Using Autologous Tumor-Infiltrating Lymphocytes to Mediate Tumor Regression: Promising Outcomes in Experimental Research

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Experimental research may provide a blue print for the treatment of many types of cancer.
Experimental research may provide a blue print for the treatment of many types of cancer.

A reported case in an ongoing National Cancer Institute (NCI) clinical trial (ClinicalTrials.gov Identifier: NCT01174121) appears to have extended the known effective range of treatment with antitumor lymphocytes, offering a new, highly personalized immunotherapy approach for metastatic breast cancer.1

Its significance, however, goes far beyond the treatment of breast cancer, according to the report's corresponding author, Steven Rosenberg, MD, PhD, senior investigator and head of the NCI's tumor immunology section.

“This research is experimental right now,” Dr Rosenberg said in a National Institutes of Health press release.“But because this new approach to immunotherapy is dependent on mutations, not on cancer type, it is in a sense a blueprint we can use for the treatment of many types of cancer.”

The reported case involves a 49-year-old woman whose estrogen receptor (ER)-positive breast cancer was refractory to multiple forms of chemotherapy. She was enrolled in an ongoing NCI clinical trial designed to “determine the ability of autologous tumor-infiltrating lymphocytes (TILs) to mediate tumor regression in patients with metastatic epithelial cancers,” according to the report's authors. Study authors concluded, “Adoptive transfer of these mutant-protein-specific TILs in conjunction with interleukin (IL)-2 and checkpoint blockade mediated the complete durable regression of metastatic breast cancer, which is now ongoing for [more than] 22 months.”1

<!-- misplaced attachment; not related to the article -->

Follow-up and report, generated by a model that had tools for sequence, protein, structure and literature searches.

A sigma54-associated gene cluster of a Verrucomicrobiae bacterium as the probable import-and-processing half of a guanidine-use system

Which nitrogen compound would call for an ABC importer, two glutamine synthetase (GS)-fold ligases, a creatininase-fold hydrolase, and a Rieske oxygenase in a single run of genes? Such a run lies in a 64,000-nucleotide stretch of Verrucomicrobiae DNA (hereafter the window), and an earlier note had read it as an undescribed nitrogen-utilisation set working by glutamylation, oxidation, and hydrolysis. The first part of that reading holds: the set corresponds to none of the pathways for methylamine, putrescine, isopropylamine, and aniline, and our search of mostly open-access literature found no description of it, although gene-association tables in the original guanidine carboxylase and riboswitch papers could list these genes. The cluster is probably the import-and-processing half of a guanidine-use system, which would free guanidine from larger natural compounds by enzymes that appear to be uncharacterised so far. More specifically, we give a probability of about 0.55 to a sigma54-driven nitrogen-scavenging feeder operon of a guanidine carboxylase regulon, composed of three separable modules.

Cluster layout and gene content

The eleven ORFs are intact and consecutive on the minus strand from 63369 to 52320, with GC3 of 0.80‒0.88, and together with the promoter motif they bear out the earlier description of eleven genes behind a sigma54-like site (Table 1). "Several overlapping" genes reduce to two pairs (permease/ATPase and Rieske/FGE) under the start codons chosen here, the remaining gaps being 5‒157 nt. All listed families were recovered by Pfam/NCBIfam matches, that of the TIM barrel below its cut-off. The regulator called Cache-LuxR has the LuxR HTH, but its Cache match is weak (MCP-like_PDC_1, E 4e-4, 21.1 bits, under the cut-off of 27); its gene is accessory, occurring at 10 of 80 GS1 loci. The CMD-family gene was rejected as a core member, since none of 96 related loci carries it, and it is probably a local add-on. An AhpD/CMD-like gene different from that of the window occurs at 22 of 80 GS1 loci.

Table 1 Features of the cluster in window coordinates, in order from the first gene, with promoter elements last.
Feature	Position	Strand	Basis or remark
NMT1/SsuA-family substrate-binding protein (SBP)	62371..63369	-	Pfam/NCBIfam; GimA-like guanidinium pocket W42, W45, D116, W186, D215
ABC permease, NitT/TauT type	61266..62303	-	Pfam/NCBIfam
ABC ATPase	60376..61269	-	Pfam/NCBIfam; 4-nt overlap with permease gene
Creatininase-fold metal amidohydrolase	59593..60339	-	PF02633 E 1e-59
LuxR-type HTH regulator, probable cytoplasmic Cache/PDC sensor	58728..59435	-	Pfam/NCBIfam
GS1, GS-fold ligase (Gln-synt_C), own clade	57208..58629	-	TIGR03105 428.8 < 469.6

According to the description of the phase 2 trial, the NCI surgery branch is testing an experimental therapy in which white blood cells that have migrated into tumors are taken from the participating patients and grown in large quantities in a laboratory.The researchers identified specific neoantigen-reactive T-cell clonotypes and selected ones they expected to be most effective in combating the individual's cancer, then reintroduced those TILs into the original patient.

The goal is to test whether the introduction of the selected TILs can overcome one of the outstanding limitations of this form of therapy.

“Immunotherapy using either checkpoint blockade or the adoptive transfer of antitumor lymphocytes has shown effectiveness in treating cancers with high levels of somatic mutations — such as melanoma, smoking-induced lung cancers, and bladder cancer — with little effect in other common epithelial cancers that have lower mutation rates, such as those arising in the gastrointestinal tract, breast, and ovary,” the authors noted.1

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